Mediation. The Facts.
What is mediation?
Mediation is a form of alternative dispute resolution. It involves the use of an entirely neutral mediator. It is best if the mediator is a specialist in inheritance disputes, and not just a general mediator. It is common for barristers to also be qualified mediators.
Where does it take place?
Traditionally, mediations took place at a law firm, barrister’s chambers, or a neutral venue such as a hotel with meeting rooms. However, as a result of Covid 19 and advances in digital communication, parties began to hold remote mediations, by way of Zoom, Teams or other platforms. Many parties still choose to hold remote mediations.
Which is better, remote or in person?
Neither and both! Whichever works best for the parties, puts them at ease and enables their Solicitor to advise them effectively. Sometimes there might be a “hybrid” mediation where some parties are at home, and others are together with their Solicitor in an office.
How does it work?
The parties to the dispute (unless they are represented by the same Solicitor) will remain in separate rooms throughout the day, either a physical room or a virtual room. The mediator will shuttle between the “rooms” throughout the day with the aim of narrowing the issues in dispute and ultimately guiding the parties towards a binding settlement which they can live with.
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Will I have to see the other parties?
No, not if you don’t want to. Occasionally, parties will ask to meet, perhaps to try and rebuild relationships at the end of the day and after a settlement is reached, however this is not compulsory. Sometimes there will be a “Solicitors only” meeting between Solicitors, if the mediator believes that would assist in reaching a settlement.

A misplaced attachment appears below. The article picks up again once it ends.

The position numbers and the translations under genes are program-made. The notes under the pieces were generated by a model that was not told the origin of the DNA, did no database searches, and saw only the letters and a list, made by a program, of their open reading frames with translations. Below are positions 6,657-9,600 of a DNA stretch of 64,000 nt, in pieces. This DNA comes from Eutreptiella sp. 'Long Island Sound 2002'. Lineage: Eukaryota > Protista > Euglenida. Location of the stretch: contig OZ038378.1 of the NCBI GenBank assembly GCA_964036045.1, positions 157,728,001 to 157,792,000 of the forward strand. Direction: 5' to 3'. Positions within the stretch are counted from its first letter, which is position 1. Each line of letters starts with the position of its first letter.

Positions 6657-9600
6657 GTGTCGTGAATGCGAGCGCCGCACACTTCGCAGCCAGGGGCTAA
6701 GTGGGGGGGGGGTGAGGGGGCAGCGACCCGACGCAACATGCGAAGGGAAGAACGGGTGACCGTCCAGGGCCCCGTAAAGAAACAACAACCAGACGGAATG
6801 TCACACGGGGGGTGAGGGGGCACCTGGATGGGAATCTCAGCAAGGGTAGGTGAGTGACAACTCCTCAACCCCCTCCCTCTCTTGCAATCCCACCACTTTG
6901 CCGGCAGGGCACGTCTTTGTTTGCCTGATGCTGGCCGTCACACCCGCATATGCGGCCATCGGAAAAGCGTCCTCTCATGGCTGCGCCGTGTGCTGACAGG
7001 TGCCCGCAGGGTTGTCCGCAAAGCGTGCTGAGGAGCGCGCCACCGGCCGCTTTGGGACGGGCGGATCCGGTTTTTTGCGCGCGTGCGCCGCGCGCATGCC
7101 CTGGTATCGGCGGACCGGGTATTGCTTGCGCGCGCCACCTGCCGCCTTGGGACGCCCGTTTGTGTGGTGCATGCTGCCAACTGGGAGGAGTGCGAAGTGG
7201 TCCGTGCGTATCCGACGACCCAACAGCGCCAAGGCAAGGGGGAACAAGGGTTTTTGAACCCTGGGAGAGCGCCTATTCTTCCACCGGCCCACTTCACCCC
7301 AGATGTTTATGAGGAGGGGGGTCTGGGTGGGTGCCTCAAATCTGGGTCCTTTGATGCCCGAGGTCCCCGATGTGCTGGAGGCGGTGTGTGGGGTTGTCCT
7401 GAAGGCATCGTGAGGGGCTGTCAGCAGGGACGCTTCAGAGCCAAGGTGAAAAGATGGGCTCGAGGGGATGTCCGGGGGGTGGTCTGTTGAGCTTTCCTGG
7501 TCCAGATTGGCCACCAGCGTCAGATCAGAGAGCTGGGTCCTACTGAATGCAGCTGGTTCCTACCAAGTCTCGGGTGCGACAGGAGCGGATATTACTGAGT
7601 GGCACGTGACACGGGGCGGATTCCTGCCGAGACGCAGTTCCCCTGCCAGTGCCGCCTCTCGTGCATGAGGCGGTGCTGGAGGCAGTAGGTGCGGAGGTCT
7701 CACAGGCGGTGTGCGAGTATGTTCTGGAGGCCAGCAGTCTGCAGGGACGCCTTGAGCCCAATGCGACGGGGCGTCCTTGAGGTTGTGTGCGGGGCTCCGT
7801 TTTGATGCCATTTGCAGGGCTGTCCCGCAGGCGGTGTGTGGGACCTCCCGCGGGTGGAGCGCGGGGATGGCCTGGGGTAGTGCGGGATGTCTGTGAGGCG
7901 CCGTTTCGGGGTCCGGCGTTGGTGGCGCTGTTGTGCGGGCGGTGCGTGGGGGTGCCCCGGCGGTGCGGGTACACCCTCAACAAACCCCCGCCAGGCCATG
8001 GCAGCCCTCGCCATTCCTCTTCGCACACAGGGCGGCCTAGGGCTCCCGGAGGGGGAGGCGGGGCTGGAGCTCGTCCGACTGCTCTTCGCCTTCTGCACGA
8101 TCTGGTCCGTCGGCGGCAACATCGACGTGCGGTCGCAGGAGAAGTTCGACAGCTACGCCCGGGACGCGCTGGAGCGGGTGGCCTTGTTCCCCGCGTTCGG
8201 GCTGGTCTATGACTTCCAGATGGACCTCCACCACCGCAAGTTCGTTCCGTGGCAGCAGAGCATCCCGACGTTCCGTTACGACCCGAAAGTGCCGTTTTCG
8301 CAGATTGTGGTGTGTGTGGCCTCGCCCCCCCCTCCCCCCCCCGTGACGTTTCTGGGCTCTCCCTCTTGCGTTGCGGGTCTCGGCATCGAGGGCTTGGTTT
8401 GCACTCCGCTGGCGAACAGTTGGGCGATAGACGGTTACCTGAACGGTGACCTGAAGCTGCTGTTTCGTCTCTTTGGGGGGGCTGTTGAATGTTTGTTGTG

How long will it last?
The core mediation hours are usually 9am – 6pm, however they often run into the evening and even into the early hours. Limiting the time to a day helps to focus the mind, and keep costs proportionate. If it’s clear that the parties are too far apart for a settlement to be achievable, the mediation may finish long before 6pm.
Will a settlement be reached?
We find that around 80-90% of cases which reach mediation settle, however a further 5% tend to settle in the following weeks and 5% end up at a trial.
Do I have to mediate if the other parties have suggested it?
Paragraph 8 of the Civil Procedure Rules, Practice Direction on Pre- Action Conduct and Protocol places a burden on parties to consider whether negotiation or some other form of ADR might enable them to settle their dispute without commencing proceedings. Any party who unreasonably refuses to engage in mediation could face adverse cost consequences if the matter proceeds to a trial (adverse costs consequences means an Order requiring one party to pay the other party’s legal costs).
Why can’t my Solicitor just attend a “round table meeting” with the other parties Solicitors?
They can, however in our experience, the use of an independent mediator makes it far more likely that the parties will reach a settlement. Parties, and even their Solicitors can become intransigent, holding a firm opinion about the strengths of their position, which can be difficult to depart from. A mediator will objectively consider and communicate to all parties how the claim might play out in court, and the risks they face in going to a trial which can be invaluable in unlocking matters.